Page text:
Thousands of Iraq's Kurdish peshmerga forces advanced on militant-held villages east of Mosul on Monday as part of a broad operation to retake the city from the Islamic State group.
"The operation in Khazir includes up to 4,000 peshmerga in three fronts to clear nearby IS-occupied villages," the general command of the peshmerga said in a statement.
It said the operation was coordinated with Iraqi federal forces moving from the south and had received extensive air support from the US-led coalition.
Peshmerga commanders said the push was the third phase of an effort that started months ago to retake villages in the Nineveh plain that were captured by IS in 2014 and used to be inhabited by members of the Christian and Kakai minorities.
The latest offensive by the peshmerga is part of a broader operation to retake Mosul announced by Iraqi Prime Minister Haider al-Abadi early on Monday.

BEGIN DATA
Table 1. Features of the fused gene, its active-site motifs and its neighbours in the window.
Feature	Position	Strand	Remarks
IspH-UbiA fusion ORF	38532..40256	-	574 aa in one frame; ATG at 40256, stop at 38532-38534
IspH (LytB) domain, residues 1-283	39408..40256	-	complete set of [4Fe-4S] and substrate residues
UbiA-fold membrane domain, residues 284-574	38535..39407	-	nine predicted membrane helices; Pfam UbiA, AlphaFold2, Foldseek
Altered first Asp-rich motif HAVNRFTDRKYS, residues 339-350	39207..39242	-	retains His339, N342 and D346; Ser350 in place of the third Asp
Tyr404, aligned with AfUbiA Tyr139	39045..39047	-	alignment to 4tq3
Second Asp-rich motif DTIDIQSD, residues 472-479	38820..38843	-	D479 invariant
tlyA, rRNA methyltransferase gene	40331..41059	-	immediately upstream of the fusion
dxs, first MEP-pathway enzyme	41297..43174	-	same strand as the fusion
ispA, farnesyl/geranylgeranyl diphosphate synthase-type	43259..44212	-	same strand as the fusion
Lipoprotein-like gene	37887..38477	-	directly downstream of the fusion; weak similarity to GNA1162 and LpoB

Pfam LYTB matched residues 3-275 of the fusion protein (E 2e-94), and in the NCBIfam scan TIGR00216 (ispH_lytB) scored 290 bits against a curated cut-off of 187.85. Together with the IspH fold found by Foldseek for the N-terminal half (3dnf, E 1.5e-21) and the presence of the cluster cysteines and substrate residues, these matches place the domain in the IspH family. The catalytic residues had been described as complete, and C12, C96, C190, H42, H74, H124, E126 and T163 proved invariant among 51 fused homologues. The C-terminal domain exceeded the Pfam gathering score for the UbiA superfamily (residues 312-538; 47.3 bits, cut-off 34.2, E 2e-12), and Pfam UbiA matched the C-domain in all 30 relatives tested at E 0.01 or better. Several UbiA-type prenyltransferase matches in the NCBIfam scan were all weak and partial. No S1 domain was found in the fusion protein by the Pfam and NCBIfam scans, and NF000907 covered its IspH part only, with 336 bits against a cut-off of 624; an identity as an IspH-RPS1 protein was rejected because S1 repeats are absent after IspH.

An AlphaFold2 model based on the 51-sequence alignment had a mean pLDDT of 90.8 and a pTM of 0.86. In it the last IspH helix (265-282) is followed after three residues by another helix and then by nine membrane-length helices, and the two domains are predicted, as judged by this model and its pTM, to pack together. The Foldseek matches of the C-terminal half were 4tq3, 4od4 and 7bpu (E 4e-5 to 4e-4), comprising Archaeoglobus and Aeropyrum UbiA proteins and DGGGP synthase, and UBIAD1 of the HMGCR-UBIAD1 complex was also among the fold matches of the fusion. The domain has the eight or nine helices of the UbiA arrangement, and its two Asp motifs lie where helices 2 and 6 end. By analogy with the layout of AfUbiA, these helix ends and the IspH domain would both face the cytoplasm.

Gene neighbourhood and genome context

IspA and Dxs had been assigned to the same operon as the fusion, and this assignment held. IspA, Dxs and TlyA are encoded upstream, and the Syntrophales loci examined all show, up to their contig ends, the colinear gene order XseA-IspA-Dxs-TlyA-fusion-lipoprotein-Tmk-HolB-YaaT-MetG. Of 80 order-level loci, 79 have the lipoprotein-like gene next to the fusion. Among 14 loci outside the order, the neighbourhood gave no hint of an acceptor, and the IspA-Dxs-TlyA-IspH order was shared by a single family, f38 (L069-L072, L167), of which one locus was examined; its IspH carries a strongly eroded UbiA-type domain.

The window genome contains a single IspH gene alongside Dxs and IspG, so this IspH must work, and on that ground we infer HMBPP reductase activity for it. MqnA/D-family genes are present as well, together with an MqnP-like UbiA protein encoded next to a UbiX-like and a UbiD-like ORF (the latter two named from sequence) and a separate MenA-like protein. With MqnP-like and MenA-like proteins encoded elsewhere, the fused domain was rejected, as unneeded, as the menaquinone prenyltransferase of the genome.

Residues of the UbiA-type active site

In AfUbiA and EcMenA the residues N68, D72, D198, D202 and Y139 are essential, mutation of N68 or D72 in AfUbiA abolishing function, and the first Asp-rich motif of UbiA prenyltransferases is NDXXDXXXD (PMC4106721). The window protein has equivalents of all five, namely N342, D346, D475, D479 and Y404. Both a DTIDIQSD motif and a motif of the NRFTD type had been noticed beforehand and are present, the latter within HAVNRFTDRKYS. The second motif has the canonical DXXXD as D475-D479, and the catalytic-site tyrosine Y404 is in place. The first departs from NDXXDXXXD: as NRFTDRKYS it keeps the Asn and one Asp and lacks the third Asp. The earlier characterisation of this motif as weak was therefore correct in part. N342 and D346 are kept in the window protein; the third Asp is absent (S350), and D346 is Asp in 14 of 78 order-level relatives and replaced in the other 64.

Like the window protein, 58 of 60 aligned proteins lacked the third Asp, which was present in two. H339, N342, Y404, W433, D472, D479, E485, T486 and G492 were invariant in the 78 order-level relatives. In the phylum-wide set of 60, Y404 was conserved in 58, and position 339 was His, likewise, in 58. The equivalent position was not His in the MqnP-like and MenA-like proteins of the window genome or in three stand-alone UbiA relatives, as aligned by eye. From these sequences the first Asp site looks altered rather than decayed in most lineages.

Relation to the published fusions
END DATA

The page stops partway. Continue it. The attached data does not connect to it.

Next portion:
The much-anticipated announcement comes more than two years after IS group seized Iraq's second city, paving the way for the proclamation of its "state".
Mosul is the extremist group's last major stronghold in Iraq and its recapture would shatter IS's claim that it is still running a "caliphate" straddling Iraq and Syria.
Abadi stressed in his televised address that only army and police forces would enter Mosul itself when advancing forces eventually reach the city's boundaries.